In the first chapter of my dissertation I conducted a review of the phylogenetics and biogeography of North and South American river otters to investigate how geography and environmental change have driven river otter evolution in the Americas, and how this informs the ecology of the modern species. I focused first on reviewing the biogeography and evolutionary history of Lontra and Pteronura, and then on the modern ecology, threats, and conservations status of each of the four modern species of Lontra and the single extant species of Pteronura. I chose to review these species because they overlap in geographic and environmental space, and because their shared history provides means for an evolutionarily-grounded examination of relative rarity, specialization, and level of conservation concern. I found that speciation between American otters primarily occurs allopatrically, and there is little functional differentiation in response to allopatric speciation, though they do appear to have the ability to adapt in response to extreme conditions when necessary. Additionally, allopatric speciation primarily occurs in response to changes in waterway connectivity, which is also responsible for changes in population connectivity within the modern species. Most otters have less specific habitat requirements than previously thought, as all species of Lontra persist across a wide variety of climates and semi-aquatic environments, and most of them do so without exhibiting a strong evolutionary response. All American river otters exhibit a strong sensitivity to anthropogenic habitat destruction, though several of them have also shown some ability to coexist with humans. Evidence from this study provides strong indication that this has to do with how human activities near waterways affect food webs, and more generally that on closer examination many habitat components previously thought to be requirements for otters may be better interpreted as indicators of food availability.

In the second chapter of my dissertation I use species distribution modeling to examine river otter associations with climate and environment across their range to explore their apparently conflicting robustness to habitat change and sensitivity to human presence. Specifically, I examined the climate and landcover variables that constrain the geographic distribution of otters. I obtained otter occurrences from GBIF and BISON biodiversity databases, climate variables from BIOCLIM, and environmental layers from NASA’s SEDAC program. I built Maximum Entropy species distribution models at 80 and 150 km spatial thinning and varying numbers of background points. The combined model at 80 km spatial thinning and default number of background points produced the highest quality models. Six climatic and landcover variables explained over 10% of otter distributions each: open shrubland, net primary productivity, urban/built, water, annual mean temperature, and precipitation of coldest quarter. Of these variables I determined that water, annual mean temperature, and precipitation of coldest quarter likely have biological significance. However, the predicted range map generated by these models do not match river otter distributions generated by the IUCN and NatureServe. This is likely due to incomplete occurrence data because of low reporting in parts of the species range. I conclude based on these data that river otters have broad climatic and habitat tolerances (as there are six weakly predictive variables as opposed to 1-2 strongly controlling variables) and that local habitat factors, such as intact-ness of riverine food webs, may have greater impact on otter distributions than broad regional variables. Additionally, I call for improved monitoring and reporting of this and other broadly-distributed species to ensure we can adequately track their habitat requirements and conservation status.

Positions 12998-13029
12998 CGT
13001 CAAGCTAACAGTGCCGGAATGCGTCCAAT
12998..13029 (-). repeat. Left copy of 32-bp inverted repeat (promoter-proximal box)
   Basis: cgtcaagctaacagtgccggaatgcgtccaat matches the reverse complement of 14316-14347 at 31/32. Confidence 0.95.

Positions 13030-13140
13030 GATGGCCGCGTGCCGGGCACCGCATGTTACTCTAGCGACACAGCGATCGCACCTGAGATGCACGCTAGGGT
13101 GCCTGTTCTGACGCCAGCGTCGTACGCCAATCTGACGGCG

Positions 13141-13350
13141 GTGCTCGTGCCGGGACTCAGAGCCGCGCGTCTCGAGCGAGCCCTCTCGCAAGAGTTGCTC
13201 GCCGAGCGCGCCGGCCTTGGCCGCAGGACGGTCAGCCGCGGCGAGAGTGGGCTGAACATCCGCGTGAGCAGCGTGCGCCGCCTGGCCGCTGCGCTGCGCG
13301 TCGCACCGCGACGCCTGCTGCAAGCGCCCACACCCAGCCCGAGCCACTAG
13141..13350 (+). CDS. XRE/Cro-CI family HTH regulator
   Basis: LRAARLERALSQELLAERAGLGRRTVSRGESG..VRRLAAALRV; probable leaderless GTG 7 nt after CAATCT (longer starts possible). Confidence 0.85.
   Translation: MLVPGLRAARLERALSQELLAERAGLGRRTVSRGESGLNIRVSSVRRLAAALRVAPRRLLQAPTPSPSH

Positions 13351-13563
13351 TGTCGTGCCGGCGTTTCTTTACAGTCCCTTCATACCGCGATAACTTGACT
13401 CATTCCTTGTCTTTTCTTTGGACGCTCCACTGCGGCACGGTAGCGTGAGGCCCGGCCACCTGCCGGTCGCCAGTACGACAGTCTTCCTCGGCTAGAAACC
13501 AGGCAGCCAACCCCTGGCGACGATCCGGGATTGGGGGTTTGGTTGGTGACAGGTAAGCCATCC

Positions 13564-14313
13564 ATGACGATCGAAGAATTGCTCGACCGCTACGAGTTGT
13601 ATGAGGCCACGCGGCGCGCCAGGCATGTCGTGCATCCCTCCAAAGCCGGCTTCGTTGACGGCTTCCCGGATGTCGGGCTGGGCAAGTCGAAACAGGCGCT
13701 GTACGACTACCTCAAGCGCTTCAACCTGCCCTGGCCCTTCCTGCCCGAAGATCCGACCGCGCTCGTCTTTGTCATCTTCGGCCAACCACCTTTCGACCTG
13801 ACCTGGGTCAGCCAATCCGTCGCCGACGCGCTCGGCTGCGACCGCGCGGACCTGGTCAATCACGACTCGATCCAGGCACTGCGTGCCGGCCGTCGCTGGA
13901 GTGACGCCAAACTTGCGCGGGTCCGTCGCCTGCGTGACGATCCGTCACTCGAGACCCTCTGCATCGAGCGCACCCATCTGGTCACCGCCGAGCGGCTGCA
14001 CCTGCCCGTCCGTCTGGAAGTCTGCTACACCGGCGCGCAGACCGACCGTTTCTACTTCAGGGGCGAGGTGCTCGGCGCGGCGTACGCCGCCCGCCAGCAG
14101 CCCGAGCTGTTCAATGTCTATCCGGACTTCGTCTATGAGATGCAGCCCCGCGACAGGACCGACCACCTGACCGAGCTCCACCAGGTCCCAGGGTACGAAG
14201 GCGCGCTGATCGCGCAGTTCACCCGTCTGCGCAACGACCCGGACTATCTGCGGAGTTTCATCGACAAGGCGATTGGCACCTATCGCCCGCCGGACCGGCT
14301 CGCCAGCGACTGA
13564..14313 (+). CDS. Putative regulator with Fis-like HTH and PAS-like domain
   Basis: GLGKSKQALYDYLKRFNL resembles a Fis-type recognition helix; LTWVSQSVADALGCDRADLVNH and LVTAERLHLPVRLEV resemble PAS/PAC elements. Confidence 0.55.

In the third chapter of my dissertation I use geometric morphometrics to explore the role of cranial morphological variation in otter persistence across the array of otter habitats. I address two research questions: 1. Is there morphological variation and structure in river otters across subspecies? 2. Is morphological variation in river otters best explained by a pattern of isolation by distance or isolation by ecology? I obtained 100 river otter crania from across the species range from museums. I 3-D scanned them using a Geomagic 3-D scanner and landmarked them using the IDAV Landmark program. To answer Q1 I conducted discriminant function analyses Procrustes ANOVAs and a Principal Components Analysis. None of these tests revealed strong morphological patterning, indicating there is not morphological differentiation across subspecies in cranial shape. T address Q2 I conducted Mantel tests and a Multiple Matrix Regression with Randomization (MMRR) on the relationship between morphological distance and geographic, climatic, and environmental distance. Both the Mantel test and the MMRR results indicated no significant relationship between morphological distance and climatic or environmental distance in otter crania. Both indicated a weak but negative relationship between morphological distance and geographic distance, indicating morphological variation is greater at short geographic distances and lower at broad geographic distances. I conclude that there is significant cranial variation between individuals, but little definable structure in this variation. The weak but significant (and potentially complex) relationship between geographic and morphological distance indicates the possibility that diversifying selection across smaller spatial scales may be more important than differentiation across broader populations, possibly indicating individual specialization within a generalist population.